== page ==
Ghostland is a concept series that originated in 1995. At that time I used to scribble eyes and faces on edges of notebooks, with a G.H.O.S.T.L.A.N.D inscription above it. After a couple of decades I pulled the idea out of the "afterlife" and started the 2018 series anew.
These parchments reveal forgotten stories of deceased souls, an insight into their dreams, fears, demons and resolve. The drawings open a slit in our space-time continuum so that they can peek into our world.
Ghostland Collection comprises 44 B5 Format Parchments, each limited to 50 prints. For more details visit the new Store page.
It recently dawned on me that only a handful of people saw my earliest creations. The first oil paintings I made were understandably not very good, but there is one little painting that stuck with me through the years and it still has it`s rightful place on my shelf. It was made around 1996 and is only 6cm x 4cm.
One of my latest projects is a reproduction of "Head of a young girl"
by a Flemish painter Jacob van Oost I (1603-1671). As I was preparing the drafts, I noticed that the hair details in the back of the painting were almost invisible, while the hair on the face was much lighter in color.
That shows the dark oil paint he used for backgrounds affects the pigment of the upper layers, making pictures seem darker then when they were painted. To solve this predicament I used Krita to adjust the light and contrast ratio and uncover some of the details that were hidden in the background. The green pigment was completely absorbed / dissolved as you can clearly see on the flower petals and the leaves. The hair looks reddish in color as well because it`s green pigment faded away. Minute amount of white oil paint that was mixed in the hair strands kept its pigment and I was able to illuminate them and draw out the details.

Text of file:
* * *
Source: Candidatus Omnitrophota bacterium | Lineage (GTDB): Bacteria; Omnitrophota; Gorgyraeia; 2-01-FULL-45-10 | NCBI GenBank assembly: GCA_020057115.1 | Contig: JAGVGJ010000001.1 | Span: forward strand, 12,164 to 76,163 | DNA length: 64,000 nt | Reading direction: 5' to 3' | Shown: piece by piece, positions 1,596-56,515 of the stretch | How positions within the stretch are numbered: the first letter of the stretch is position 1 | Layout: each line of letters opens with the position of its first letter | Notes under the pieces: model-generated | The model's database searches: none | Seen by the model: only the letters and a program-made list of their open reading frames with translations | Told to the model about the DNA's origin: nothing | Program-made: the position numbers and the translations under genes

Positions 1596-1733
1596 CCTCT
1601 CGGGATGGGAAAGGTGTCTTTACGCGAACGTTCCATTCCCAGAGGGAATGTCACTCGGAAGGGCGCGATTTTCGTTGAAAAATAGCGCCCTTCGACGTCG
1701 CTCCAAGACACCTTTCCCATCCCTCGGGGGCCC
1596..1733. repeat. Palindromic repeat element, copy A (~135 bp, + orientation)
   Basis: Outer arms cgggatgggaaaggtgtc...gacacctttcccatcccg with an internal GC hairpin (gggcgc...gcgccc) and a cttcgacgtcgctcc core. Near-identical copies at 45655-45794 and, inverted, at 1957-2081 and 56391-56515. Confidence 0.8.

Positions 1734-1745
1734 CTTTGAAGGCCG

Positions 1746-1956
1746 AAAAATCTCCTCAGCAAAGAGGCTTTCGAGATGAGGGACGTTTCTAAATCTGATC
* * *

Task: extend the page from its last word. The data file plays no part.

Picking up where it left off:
Reproducing the painting as it is today would certainly make it recognizable, but I believe its intricate beauty should be restored as it was on the day it was painted. I started drawing out the outlines today, carefully filling in the hair and flower details so that after hundreds of years she can find her way back into the light.
Yesterday I had a chance to visit the latest exhibition of Stefan Sagmeister, a world renowned graphic designer. Inspiring, soul seeking and yellow are the impressions that stuck with me.
As a part of the Exhibition there was also "My Collection" from Sagmeister;
an assortment of decor, clothes and furnishings, an interesting, but somewhat irrelevant part of the whole experience. In separate exhibition was "Design Studio: Processe" an interactive insight into the work process of designers from turn of the century until today.
To make a contribution I designed and constructed a wire frame lounge chair and left it on the display shelf. My first and most likely last "Exhibition" I will have in the Design Museum.